Monday, February 13, 2006


I hate this crap!

Paul Hackett, an Iraq war veteran and popular Democratic candidate in Ohio's closely watched Senate contest, said yesterday that he was dropping out of the race and leaving politics altogether as a result of pressure from party leaders.

Mr. Hackett said Senators Charles E. Schumer of New York and Harry Reid of Nevada, the same party leaders who he said persuaded him last August to enter the Senate race, had pushed him to step aside so that Representative Sherrod Brown, a longtime member of Congress, could take on Senator Mike DeWine, the Republican incumbent.

Mr. Hackett staged a surprisingly strong Congressional run last year in an overwhelmingly Republican district and gained national prominence for his scathing criticism of the Bush administration's handling of the Iraq War. It was his performance in the Congressional race that led party leaders to recruit him for the Senate race.


"This is an extremely disappointing decision that I feel has been forced on me," said Mr. Hackett, whose announcement comes two days before the state's filing deadline for candidates. He said he was outraged to learn that party leaders were calling his donors and asking them to stop giving and said he would not enter the Second District Congressional race.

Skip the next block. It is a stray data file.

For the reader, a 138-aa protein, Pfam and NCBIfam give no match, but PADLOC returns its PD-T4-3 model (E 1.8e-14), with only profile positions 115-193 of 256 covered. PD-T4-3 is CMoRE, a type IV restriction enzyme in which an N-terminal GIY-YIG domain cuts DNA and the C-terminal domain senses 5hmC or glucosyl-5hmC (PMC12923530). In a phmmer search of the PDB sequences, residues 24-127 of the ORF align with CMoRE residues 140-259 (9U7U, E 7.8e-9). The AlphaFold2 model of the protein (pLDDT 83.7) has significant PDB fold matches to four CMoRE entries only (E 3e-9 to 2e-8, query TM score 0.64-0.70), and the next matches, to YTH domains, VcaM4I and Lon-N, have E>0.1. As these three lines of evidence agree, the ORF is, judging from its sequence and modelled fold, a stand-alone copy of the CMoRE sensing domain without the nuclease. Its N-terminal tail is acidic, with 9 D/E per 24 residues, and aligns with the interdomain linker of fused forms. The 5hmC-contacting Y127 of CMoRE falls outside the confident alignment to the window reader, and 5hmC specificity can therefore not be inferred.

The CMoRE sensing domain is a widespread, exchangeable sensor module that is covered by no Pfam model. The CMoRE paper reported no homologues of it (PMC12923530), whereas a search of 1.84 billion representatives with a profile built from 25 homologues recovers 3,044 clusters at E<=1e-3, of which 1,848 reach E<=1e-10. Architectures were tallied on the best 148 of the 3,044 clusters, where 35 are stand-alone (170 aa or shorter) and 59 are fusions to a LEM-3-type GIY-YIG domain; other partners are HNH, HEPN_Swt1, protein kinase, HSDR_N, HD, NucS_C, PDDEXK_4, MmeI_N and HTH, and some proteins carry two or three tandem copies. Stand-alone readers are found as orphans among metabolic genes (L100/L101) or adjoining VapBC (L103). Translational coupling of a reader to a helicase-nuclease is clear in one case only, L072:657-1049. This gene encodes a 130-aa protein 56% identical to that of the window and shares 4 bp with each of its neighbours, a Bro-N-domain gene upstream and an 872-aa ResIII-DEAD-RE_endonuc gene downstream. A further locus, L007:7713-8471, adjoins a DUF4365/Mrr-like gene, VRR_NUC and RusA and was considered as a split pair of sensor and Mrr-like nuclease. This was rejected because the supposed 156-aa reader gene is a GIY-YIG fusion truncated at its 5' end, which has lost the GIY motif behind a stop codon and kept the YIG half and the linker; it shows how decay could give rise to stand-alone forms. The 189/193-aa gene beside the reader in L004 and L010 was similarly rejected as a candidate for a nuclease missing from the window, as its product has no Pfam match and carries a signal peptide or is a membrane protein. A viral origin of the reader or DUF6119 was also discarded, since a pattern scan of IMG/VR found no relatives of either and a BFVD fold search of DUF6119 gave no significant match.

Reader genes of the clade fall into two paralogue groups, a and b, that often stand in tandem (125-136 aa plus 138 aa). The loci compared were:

Mr. Fern added that Mr. Brown's fund-raising abilities made him the better Senate candidate. By the end of last year, Mr. Brown had already amassed $2.37 million, 10 times what Mr. Hackett had raised.

More $$ equals better candidate? That's the kind of thinking that will keep the Democrats chained to secondary status in the Congress forever.

If there is one thing I can not stand, it is an overly-calculating elected official. And in a time that cries out for leaders with principle, the Democratic Party in DC seems to have been completely overrun with such cowards. They are so damned afraid of everything: of competition, of Republicans, of taking a potentially controversial stand on an issue. If this is how they feel elections should be run, why not simply forgo the primary process and give the nomination to whichever Democrat raises the most money? And calling financiers to tell them to stop donating to a candidate of your own party? That is sleazy as hell.

Boy do we need public financing of campaigns. Fast.


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